By: Katrina Floranza
With the talk of a possible Hospitality Program being a hot topic lately, President Joe Bertolino and Provost Kellie Bean have sent out an e-mail to all faculty to clear up any misunderstanding of the possible program.
“I communicated to faculty earlier this week with an apology,” says Dr. Joe.
As mentioned in last week’s article, it seemed as though some faculty were left in the dark when the hospitality program was advertised and brought up. “Kellie and I agree with the faculty that we made a mistake, for this we apologize. The program should not have been marketed in advance of the approval process,” Dr. Joe tells faculty, “Be assured that this will not happen again.”
According to Dr. Joe, they have “been talking about a hospitality program for probably over a year now.”
It started when Bill Stenger, CEO of Jay Peak Resort, had approached Dr. Joe and faculty. “He actually met with some of our faculty to talk about our curriculum and given the changes that are happening in the Northeast Kingdom and the investments that he and his investors had been making in the Northeast Kingdom, he talked a lot about how Lyndon State College could play a role in that and prepare our students for those possible jobs that would be coming up in the near future,” explains Dr. Joe.
Not only did the CEO of Jay Peak approach Dr. Joe, but so did the owner of Q Burke Mountain. “We received a request from Ary Quiros, who had articulated to us the desire to provide internship and employment opportunities to our students and that it would be helpful if Lyndon State College had a hospitality program,” Dr. Joe continues, “So, that led us to then have a conversation with the leadership of Johnson State, because Johnson State has a hospitality program.”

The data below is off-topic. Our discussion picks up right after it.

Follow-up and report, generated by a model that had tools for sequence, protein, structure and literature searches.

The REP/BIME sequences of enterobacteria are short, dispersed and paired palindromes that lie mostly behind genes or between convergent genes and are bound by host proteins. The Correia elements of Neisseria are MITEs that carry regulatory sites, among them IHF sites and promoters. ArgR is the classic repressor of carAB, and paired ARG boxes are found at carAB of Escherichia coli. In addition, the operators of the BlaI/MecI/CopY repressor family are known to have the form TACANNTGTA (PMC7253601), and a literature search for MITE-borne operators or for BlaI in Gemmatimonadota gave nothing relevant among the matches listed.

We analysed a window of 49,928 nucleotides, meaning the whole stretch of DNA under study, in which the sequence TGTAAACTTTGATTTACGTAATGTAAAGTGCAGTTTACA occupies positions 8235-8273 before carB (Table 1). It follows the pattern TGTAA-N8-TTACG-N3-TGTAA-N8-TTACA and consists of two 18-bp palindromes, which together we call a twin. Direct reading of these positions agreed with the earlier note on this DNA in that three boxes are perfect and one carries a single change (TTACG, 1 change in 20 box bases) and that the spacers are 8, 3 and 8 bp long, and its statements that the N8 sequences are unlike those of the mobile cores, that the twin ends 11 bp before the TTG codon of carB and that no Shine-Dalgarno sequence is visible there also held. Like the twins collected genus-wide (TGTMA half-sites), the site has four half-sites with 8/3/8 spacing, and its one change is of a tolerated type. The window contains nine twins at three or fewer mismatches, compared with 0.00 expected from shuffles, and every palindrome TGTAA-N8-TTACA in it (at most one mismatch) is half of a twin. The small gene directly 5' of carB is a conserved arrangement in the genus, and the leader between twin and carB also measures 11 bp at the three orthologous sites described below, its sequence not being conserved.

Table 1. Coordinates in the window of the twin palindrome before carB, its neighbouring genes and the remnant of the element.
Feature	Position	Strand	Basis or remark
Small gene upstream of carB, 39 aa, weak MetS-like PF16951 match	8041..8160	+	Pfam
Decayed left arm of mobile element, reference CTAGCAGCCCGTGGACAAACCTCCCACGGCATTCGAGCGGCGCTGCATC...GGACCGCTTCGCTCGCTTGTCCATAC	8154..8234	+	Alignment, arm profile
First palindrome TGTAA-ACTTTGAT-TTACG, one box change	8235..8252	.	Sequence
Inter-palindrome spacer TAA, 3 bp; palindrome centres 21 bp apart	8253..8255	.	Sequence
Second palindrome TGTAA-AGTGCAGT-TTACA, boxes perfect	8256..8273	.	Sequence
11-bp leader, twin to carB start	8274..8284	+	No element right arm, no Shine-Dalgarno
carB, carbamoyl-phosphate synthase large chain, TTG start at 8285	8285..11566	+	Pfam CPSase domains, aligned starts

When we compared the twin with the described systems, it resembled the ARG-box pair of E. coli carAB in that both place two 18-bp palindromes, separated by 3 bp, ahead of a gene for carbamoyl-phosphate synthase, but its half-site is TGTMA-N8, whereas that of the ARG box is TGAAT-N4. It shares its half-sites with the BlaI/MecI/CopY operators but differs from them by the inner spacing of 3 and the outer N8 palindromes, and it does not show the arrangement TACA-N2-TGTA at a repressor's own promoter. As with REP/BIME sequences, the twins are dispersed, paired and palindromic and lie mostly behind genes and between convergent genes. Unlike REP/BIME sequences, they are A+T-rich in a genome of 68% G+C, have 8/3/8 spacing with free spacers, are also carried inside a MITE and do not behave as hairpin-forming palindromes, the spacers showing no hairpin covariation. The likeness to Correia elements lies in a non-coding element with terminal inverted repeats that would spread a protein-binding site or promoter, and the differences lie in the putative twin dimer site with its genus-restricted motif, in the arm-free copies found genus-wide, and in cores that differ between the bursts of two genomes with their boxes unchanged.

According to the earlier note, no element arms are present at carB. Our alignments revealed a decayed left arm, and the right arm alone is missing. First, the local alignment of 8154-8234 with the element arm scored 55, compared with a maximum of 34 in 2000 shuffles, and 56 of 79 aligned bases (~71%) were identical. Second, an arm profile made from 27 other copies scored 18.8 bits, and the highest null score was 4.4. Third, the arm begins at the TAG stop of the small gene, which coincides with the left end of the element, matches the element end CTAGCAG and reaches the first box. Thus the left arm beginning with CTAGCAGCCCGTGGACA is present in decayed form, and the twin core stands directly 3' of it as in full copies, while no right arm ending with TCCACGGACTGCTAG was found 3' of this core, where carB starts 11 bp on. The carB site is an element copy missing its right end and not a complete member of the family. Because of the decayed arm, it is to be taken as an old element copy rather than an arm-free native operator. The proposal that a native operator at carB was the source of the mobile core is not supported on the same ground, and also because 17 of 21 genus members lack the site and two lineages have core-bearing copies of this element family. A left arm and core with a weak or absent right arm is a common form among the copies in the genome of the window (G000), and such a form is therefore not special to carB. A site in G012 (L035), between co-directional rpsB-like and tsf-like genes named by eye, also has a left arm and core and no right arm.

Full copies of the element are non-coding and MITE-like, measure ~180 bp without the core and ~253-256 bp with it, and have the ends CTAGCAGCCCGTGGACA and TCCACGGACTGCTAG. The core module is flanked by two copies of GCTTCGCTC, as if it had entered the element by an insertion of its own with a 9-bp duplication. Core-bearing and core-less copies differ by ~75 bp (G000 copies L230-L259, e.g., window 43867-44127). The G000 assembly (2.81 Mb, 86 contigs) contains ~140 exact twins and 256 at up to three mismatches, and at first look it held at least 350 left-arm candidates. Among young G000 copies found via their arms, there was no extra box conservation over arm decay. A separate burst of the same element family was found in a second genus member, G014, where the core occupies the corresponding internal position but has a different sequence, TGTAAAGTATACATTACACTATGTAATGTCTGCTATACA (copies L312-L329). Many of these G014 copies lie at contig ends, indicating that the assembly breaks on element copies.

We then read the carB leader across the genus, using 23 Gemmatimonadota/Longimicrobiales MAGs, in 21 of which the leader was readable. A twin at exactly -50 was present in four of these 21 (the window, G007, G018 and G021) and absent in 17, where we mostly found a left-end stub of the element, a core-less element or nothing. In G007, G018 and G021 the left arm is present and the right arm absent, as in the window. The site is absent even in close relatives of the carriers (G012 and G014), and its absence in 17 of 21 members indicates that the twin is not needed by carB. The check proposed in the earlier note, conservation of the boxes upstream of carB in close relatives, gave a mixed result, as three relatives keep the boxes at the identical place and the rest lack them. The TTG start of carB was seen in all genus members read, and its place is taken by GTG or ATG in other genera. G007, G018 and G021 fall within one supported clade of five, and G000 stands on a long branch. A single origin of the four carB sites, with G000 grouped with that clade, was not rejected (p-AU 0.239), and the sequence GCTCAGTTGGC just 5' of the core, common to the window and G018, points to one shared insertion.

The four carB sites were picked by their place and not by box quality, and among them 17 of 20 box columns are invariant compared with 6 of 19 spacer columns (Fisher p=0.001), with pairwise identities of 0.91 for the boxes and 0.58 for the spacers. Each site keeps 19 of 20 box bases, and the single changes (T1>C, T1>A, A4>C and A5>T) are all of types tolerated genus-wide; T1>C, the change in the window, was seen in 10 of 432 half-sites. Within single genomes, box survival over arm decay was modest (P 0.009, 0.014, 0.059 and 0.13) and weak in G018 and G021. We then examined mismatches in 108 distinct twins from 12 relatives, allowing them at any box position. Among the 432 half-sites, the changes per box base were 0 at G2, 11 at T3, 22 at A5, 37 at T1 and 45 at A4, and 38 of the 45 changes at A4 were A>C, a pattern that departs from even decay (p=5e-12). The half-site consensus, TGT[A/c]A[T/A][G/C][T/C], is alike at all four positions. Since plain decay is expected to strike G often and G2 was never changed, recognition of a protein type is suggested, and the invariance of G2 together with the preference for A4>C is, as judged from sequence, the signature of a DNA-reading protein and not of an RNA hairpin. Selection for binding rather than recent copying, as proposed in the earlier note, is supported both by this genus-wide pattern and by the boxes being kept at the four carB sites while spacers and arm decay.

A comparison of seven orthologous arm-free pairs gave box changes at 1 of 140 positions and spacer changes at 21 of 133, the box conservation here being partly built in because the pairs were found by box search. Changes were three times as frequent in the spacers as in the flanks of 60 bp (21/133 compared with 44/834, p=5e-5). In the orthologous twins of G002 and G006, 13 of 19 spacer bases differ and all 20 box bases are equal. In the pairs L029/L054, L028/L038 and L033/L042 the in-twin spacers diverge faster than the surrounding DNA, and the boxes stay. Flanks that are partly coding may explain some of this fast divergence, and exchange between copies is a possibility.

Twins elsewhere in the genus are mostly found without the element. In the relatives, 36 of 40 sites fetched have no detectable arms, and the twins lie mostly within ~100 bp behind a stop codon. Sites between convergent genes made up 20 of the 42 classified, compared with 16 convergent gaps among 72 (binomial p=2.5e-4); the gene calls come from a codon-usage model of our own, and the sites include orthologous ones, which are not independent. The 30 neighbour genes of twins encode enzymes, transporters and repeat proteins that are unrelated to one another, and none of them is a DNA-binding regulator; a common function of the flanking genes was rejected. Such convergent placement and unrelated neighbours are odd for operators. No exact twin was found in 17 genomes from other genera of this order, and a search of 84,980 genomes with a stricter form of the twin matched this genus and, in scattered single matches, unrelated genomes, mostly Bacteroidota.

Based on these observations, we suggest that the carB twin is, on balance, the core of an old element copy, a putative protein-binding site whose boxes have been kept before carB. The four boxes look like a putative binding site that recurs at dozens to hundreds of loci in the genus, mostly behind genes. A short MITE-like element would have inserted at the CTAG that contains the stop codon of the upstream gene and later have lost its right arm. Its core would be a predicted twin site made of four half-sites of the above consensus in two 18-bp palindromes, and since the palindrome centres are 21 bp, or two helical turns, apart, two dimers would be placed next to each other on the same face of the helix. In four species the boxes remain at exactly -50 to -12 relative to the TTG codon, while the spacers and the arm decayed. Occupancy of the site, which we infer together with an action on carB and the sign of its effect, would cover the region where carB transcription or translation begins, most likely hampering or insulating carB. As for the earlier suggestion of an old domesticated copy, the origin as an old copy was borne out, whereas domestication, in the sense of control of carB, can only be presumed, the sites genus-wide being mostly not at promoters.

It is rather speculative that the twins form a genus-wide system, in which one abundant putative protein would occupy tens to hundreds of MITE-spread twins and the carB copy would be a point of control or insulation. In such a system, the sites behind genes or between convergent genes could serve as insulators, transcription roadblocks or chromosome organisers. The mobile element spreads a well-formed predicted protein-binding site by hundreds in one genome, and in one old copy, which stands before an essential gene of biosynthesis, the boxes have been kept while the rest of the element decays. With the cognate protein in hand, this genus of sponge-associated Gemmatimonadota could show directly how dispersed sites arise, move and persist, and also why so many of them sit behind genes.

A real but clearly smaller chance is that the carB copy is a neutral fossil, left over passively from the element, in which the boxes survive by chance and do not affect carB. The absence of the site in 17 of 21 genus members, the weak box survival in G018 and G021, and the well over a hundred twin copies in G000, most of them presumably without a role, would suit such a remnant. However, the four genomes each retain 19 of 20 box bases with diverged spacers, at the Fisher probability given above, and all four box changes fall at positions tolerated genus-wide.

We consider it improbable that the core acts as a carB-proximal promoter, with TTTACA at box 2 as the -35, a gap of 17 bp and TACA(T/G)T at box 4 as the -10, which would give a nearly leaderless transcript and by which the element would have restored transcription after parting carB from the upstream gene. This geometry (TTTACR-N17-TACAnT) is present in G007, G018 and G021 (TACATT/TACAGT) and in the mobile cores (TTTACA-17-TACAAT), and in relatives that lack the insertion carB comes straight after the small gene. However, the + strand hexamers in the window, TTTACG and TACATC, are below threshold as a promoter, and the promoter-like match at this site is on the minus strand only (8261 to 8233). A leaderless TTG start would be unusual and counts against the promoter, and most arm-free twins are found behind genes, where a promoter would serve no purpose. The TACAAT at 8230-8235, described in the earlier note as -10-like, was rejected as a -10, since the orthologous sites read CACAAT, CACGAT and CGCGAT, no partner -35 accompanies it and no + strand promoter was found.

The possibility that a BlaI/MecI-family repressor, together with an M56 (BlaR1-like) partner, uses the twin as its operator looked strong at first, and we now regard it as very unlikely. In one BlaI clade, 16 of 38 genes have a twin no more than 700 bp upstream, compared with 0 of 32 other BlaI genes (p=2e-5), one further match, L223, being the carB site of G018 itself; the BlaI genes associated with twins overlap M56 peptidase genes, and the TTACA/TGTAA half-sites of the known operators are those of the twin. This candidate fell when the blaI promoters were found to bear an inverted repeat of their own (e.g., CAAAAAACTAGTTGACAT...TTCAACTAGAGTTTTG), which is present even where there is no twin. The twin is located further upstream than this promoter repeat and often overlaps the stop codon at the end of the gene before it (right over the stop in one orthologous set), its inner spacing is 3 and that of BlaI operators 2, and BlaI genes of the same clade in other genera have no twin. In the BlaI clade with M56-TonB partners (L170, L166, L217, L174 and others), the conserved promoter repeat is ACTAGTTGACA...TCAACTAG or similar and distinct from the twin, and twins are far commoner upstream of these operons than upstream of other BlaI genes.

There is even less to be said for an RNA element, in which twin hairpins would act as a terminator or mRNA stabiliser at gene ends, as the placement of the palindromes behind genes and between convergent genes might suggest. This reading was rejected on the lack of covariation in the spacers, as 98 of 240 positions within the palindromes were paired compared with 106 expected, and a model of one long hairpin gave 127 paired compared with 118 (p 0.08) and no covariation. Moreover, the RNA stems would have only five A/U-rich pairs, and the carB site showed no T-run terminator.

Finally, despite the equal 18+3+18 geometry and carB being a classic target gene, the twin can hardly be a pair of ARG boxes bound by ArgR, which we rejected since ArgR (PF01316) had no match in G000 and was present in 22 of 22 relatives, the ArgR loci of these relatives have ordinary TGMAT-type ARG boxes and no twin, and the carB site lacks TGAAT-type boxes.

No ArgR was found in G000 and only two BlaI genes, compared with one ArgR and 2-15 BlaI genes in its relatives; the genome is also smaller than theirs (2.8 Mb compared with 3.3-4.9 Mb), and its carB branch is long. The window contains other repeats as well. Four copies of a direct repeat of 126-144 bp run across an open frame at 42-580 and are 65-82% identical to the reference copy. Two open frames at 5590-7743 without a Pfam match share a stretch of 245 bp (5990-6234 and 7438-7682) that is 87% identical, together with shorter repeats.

From there, the two colleges engaged in discussion more about the program and the potential partnership between the two colleges to work with Quiros and Stenger, if LSC did in fact end up developing a hospitality program in the future.
Johnson State may have been the only Vermont college to currently have a hospitality program, but Lyndon State College was not the only Vermont college to be approached for an idea of the hospitality program, “I know that Bill Stenger had originally approached Burlington College and one of the reasons for that is because public institutions tend to be bureaucratic. Burlington College is a private institution, so, I think the thought was that they can do it faster,” explains Dr. Joe, “Mr. Stenger was not convinced that the Vermont State Colleges could deliver such a program in a timely fashion without significant bureaucracy.”